Anyone using this library probably has rox in their headers ...

Why? Why write a new XML-RPC library? Why not get involved in an existing library? Why not spend more time in the Sun?

Sheesh, straight into the deep questions.

I think I've answered all but the last of these here.

The last question has an easy answer: I like writing code. Some people like knitting. Other people like shooting animals with high-powered rifles. I like code. A lot. If you're still not happy then I'm not sure what you expect me to say.

What platforms have you tested RoX on?

This may seem like a strange question. Java's cross-platform, right?

Unfortunately NIO implementations have been plagued with bugs and (in some cases this is worse) inconsistencies across different implementations and platforms. This makes it difficult to write code based on NIO and be sure it works (never mind performs decently) across a range of platforms. There are a range of guidelines scattered throughout the developer community if you're prepared to spend the time digging. RoX does its best to avoid all of the problems I've come across in both testing and general reading.

But to answer the original question, RoX has been tested on Windows XP SP 2 and on Redhat's Fedora Core 4 Linux distro.

RPC over XML? Surely it's RPC using XML over HTTP?

You're right, but try coming up with a pronouncable acronym for that lot.

Why another logging interface? Why not just depend on Log4J? Why write your own HTTP server?

Recently I've spent a lot of time wandering through the quagmire that is the average Java project these days. Write a little SOAP oriented code in Java and you'll understand what I'm talking about. I resent needing 20 to 30 Java libraries in my classpath before my code will even run, never mind do anything useful. I really wanted to keep the set of libraries you needed to use RoX as small as possible.

Log4J is a particular bug-bear. I don't want to suggest it isn't useful, or that there's anything seriously wrong with it. But I do resent having to drag it into each and every project I build. I also don't have a tremendous amount of faith that interfaces will remain compatible from release to release (long experience has taught me how hard it is to do this properly). So when every second library you need in a project requires Log4J, and often different versions of it, you soon run the risk of an incompatibility in the needs of two libraries. Then you either have to roll your own ClassLoader and whip out some hefty black magic, or find a way to replace one of the offending libraries.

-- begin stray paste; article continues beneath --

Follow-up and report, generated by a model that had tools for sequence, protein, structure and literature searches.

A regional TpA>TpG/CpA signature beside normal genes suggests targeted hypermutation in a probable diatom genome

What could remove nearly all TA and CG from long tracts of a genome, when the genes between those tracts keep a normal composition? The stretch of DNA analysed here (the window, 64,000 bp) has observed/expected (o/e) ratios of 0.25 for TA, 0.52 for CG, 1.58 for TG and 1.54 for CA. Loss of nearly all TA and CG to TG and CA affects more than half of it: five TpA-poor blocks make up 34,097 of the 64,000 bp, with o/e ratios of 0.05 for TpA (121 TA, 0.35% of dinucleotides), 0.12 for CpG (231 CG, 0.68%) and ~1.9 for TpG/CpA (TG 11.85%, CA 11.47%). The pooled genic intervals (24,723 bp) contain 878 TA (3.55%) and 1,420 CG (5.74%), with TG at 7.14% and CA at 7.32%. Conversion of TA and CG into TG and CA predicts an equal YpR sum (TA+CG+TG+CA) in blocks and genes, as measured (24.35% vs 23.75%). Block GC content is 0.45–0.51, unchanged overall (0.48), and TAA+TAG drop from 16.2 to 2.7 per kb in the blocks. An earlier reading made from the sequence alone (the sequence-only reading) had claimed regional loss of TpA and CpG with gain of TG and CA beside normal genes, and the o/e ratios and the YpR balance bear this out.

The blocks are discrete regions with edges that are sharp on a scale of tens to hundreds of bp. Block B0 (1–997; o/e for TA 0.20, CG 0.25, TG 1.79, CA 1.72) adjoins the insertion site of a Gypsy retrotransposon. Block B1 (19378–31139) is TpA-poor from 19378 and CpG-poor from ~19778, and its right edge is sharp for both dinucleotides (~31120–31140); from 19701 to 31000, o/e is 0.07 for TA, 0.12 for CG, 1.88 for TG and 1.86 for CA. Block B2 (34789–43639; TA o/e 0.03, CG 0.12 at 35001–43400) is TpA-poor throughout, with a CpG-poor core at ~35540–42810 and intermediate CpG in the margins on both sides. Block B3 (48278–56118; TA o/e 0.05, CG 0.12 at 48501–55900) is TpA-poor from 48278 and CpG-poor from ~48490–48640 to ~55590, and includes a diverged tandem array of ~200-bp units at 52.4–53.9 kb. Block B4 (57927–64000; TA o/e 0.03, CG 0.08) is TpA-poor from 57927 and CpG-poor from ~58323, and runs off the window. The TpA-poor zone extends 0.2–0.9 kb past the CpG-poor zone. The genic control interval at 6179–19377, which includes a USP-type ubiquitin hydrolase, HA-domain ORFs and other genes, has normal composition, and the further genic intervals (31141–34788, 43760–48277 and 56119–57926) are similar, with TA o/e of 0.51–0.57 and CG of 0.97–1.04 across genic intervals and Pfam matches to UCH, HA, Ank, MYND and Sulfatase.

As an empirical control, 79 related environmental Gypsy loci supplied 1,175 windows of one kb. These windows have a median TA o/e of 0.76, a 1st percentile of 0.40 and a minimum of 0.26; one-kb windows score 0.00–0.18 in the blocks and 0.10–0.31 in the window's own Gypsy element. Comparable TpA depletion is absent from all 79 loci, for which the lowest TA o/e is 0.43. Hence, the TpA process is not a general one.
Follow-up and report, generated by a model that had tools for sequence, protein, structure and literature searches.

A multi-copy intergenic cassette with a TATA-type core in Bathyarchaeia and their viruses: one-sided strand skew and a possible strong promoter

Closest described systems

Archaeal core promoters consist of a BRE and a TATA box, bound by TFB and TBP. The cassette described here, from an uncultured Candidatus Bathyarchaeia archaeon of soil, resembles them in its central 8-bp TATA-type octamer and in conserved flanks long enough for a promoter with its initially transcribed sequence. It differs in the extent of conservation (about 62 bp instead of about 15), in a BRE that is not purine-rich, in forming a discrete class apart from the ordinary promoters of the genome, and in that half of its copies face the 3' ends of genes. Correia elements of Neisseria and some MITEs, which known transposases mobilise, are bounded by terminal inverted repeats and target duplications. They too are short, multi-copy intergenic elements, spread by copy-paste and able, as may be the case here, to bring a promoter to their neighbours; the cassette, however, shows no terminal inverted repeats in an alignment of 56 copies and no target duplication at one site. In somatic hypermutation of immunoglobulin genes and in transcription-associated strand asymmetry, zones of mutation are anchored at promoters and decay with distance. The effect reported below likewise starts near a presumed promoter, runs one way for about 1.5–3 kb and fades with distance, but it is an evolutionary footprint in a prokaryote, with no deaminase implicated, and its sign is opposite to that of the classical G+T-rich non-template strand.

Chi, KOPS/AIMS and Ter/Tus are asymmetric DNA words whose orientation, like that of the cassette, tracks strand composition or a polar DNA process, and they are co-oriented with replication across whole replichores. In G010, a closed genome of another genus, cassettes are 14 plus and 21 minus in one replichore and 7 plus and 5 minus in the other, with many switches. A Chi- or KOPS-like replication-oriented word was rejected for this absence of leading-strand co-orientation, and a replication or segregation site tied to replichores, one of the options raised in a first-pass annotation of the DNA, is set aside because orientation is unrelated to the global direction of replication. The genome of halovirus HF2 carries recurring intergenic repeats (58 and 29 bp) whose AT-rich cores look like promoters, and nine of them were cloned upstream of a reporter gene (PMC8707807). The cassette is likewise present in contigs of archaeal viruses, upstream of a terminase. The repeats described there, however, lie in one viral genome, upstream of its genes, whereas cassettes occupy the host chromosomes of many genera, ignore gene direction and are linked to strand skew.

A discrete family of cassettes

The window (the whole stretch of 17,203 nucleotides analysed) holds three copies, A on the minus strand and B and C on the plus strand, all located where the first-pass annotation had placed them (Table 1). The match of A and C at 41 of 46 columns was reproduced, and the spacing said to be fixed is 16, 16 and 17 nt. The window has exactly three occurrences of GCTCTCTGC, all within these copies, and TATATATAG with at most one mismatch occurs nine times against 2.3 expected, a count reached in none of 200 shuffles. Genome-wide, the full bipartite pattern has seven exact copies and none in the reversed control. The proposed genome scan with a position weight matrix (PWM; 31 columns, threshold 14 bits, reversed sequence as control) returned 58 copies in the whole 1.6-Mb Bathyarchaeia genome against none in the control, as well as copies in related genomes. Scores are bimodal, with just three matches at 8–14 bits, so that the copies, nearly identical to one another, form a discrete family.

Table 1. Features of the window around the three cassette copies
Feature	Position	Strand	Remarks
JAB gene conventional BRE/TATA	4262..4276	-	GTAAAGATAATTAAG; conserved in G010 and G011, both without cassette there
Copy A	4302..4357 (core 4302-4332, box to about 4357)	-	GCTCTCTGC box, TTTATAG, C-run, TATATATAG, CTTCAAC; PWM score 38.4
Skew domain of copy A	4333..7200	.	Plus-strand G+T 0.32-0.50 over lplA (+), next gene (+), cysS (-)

The HTTP implementation is motivated by the same requirement, but there was also a fun aspect to it. It was interesting to implement a part of the HTTP spec. And it was a good, real world use-case for the NIO libraries.

Okay, so why didn't you write your own XML parser?

In an ideal world, I would have. But I wanted a project that wouldn't drag on forever. I could easily see an XML parser stretching out into weeks of work. And there'd be very little to show for it. Starting with a working XML parser it doesn't take very long before you have a working XML-RPC implementation. I also had very little interest in writing an XML parser. So I conceded this one dependency.

Why target 1.4? Why not just target 1.5?

I'm a little paranoid. Life has taught me that gung-ho just doesn't cut it in most production environments. I suspect it will be some time before 1.5 represents the standard Java platform within most production environments. There's also vendor support. It took long enough for 1.4 to be supported by other JVM vendors (and hence on other platforms) that I expect a similar delay for 1.5 (especially given the changes that happened in 1.5). I figure targeting 1.5 limits the usefulness of a library at the moment so that it's not (yet) worth the added "benefits" of developing on 1.5.

How does RoX perform?

To be honest, I haven't really done any significant testing. The testing I have done suggests that RoX performs acceptably. But don't expect it to be blindingly fast.

However, a little thought backed up by some profiling has suggested a few areas might be worth a closer look. In particular work is currently ongoing on a SAX based marshaller (the current marshaller is DOM based which simplifies things considerably at the cost of performance). In addition, a few ideas have been tossed around which might be implemented if the profiler suggests the gains would be worthwhile. However, RoX should scale to large numbers of connections easily. This was the only explicit performance criterion I imposed on this project. RoX's main focus as been ease-of-use rather than speed. If you're that concerned about speed you may want to check the XML in at the door.

Why YAML? Where the hell did that come from?

I've been involved in a lot of work recently using Ruby. YAML's pretty natural within Ruby. It tends to be a little easier than XML for humans to read and write. It also tends to be somewhat more concise. A close friend and colleague has written a simple YAML library for Java and the intention is to support plugging that library in as a marshalling implementation, making it possible to use RoX as a client-server library that uses YAML as its wire format instead of XML-RPC.

The shorter answer is "because I can".

What other XML-RPC implementations exist for Java?

  • There's the Apache XML-RPC library.
  • Marquée XML-RPC seems to provide some of what RoX provides (like proxying POJOs) but their async stuff still seems to be based on blocking IO.
  • I haven't really looked closely at this implementation but it seems to suggest there's an XML-RPC library lurking in there somewhere.

JavaWorld has a reasonably decent write-up describing how to accomplish some of what RoX gives you. Unfortunately I only discovered this after I'd finished most of RoX but better late than never?